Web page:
Cold Calling

How to Hire for PEOPLE, Not Just Resumes

6 Jun
min read

Learn from Melanie Smith, Head of Sales Development at Nooks, on how she hires high quality people based on resilience, a clear 'why', coachability, organization, and adaptability/self-learning rather than just resumes.

How to Hire for PEOPLE, Not Just Resumes

Having gone through hiring almost 100 SDRs in my time, many of them coming with zero days of experience (like really - some teachers, zamboni drivers, servers, fresh grads, the list goes on), I had to get really good at identifying PEOPLE I think could be successful in the role and couldn’t rely on a resume of similar experience. Am I ever grateful for that learning now that I’m looking for senior reps as well. 

Here’s the top 5 characteristics I typically look for, how I uncover them in interviews and why I think they’re important. By no means does this need to be an exhaustive list, and by no means is it the only perfect recipe, but it's worked pretty well for me in finding top talent. 

  1. Resilience 

Question: Tell me about the hardest thing you’ve ever gone through or accomplished in your life? 

I leave this open ended on purpose and always add in a “only what you’re comfortable sharing”. This is the most important and useful question in the entire interview and if I could only ask one, it’d be this one. I’m looking to understand if they’ve had to go through anything difficult - that tested their patience, forced them to dig deep or pull themselves out of a potential hole. It can be a physical or mental struggle they came back from and can be anything from graduating school to going through a parental divorce. 

Bonus - when someone is open to being vulnerable. Sharing something personal or deep to them. I often see a correlation between those who are comfortable being vulnerable and their coachability/ability to seek and accept feedback. I don’t judge them if they don’t go with something personal, it's not a must that everyones comfortable with but I get a way better sense of connection to this person when they do.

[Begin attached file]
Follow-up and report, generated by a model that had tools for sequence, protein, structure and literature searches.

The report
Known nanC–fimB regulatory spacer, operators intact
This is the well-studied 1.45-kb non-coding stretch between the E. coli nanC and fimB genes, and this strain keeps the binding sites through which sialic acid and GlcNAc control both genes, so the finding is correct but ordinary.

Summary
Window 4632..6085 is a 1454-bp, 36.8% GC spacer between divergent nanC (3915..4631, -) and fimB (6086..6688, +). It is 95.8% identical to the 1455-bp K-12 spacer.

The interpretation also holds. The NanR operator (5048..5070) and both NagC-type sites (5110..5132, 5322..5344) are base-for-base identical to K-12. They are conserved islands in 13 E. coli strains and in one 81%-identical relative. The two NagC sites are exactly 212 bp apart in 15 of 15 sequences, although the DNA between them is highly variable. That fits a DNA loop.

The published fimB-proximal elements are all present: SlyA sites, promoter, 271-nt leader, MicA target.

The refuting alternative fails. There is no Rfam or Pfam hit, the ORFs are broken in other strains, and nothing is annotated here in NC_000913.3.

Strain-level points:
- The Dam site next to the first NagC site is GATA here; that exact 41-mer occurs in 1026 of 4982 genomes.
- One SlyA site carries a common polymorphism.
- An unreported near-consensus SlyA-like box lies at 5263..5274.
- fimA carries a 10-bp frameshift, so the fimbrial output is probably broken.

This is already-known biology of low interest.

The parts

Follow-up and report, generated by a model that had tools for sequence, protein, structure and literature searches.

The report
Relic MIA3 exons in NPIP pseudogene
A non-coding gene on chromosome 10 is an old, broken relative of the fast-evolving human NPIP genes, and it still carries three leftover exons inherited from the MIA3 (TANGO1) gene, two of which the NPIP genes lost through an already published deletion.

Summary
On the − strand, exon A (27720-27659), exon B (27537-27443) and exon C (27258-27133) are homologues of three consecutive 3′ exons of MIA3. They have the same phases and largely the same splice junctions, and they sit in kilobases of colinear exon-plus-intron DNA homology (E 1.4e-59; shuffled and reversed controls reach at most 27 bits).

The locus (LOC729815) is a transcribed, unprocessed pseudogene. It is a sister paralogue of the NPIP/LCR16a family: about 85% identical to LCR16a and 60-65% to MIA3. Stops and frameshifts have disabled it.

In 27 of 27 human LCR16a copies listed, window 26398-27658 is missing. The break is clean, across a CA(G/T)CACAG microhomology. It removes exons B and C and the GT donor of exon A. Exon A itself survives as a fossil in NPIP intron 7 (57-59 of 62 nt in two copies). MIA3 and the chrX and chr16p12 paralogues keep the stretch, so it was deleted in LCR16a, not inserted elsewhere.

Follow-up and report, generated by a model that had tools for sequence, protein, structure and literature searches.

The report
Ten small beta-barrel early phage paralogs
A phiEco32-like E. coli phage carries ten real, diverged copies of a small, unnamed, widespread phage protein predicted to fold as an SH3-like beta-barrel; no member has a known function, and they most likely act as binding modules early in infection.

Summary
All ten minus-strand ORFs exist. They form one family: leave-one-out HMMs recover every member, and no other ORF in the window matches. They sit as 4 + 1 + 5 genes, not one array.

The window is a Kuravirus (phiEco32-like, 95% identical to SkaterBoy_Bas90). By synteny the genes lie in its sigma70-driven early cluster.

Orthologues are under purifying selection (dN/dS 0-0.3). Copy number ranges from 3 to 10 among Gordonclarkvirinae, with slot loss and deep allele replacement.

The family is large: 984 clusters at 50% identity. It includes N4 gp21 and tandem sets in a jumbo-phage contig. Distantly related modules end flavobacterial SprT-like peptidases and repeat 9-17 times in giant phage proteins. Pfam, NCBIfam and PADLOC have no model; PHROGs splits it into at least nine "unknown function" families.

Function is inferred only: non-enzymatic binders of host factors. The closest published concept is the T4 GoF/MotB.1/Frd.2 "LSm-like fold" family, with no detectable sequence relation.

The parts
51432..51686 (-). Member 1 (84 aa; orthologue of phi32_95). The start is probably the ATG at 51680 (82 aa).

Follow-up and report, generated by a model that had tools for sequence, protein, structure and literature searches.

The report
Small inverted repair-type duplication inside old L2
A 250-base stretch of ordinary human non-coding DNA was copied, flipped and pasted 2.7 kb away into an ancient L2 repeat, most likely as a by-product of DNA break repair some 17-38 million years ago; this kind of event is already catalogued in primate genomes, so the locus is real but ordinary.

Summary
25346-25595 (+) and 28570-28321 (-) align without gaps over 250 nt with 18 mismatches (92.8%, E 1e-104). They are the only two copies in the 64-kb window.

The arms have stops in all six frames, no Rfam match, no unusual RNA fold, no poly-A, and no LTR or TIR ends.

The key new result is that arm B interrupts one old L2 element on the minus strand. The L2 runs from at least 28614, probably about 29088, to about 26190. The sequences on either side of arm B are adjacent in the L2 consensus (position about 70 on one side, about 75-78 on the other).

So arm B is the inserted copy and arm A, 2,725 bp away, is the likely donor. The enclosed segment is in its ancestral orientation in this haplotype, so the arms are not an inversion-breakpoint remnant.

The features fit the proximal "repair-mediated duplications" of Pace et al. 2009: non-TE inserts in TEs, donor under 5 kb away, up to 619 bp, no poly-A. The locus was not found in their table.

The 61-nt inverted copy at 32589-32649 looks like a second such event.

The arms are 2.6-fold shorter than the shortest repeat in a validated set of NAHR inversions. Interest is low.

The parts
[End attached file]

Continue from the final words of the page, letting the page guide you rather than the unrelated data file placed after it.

1. A clear ‘Why’

Question: Why sales? (seems boring, I know)

The more important follow up, I dig at least twice: One layer deeper - what sets your belly on fire in the morning (asked with passion please), or what’s going to push you to not quit if you hit a month of 0’s on the board?

The most common answer I get (which transparently, I’m not a fan of), is when someone tells me they “enjoy talking to people”, or someone else told them they would be good in sales. That's an okay starting point, but it doesn’t tell me YOUR personal why. This is different angle at getting into someone's true motivation to choose a rather difficult career journey. I also open it up with some examples to help with the thinking but then ensure they give context if they use one - most common helpful prompts:

  • Prove something to yourself/friends/parents
  • Money - always let them know it's okay to be motivated by money, it's no longer a “faux pas”
  • Provide for my family 
  • Master a skill set to run a business long term

Ultimately I’m trying to uncover whether I think they truly know what reason they’ll look for, when they might be put in a position to quit and change direction, or push through towards a longer term goal or purpose. 

  1. Coachability 

Question: What's the last piece of critical feedback you got? Did you agree or disagree and what did you do with the feedback?

More importantly, practice:  Mock call feedback session. 

This is either a cold call or intro/discovery call depending on the role/org and I have everyone do this whether they’re new to sales or experienced. It’s not about perfectly pitching a new product/ or value prop, it's about the prep they did, general communication skills, energy and most importantly, how they take feedback after the call. 

I usually have one team member (SDR) join us for this part of the call. After the candidate completes this call, we ask if they’d be open to round table feedback where we each (myself and SDR from my team) share one piece of positive feedback and one piece of opportunity for improvement. We also ask the candidate for a quick self eval of how they think they did to kick it off.

Their ability to identify and celebrate their own wins is just as important as them identifying their own areas of opportunity for improvement.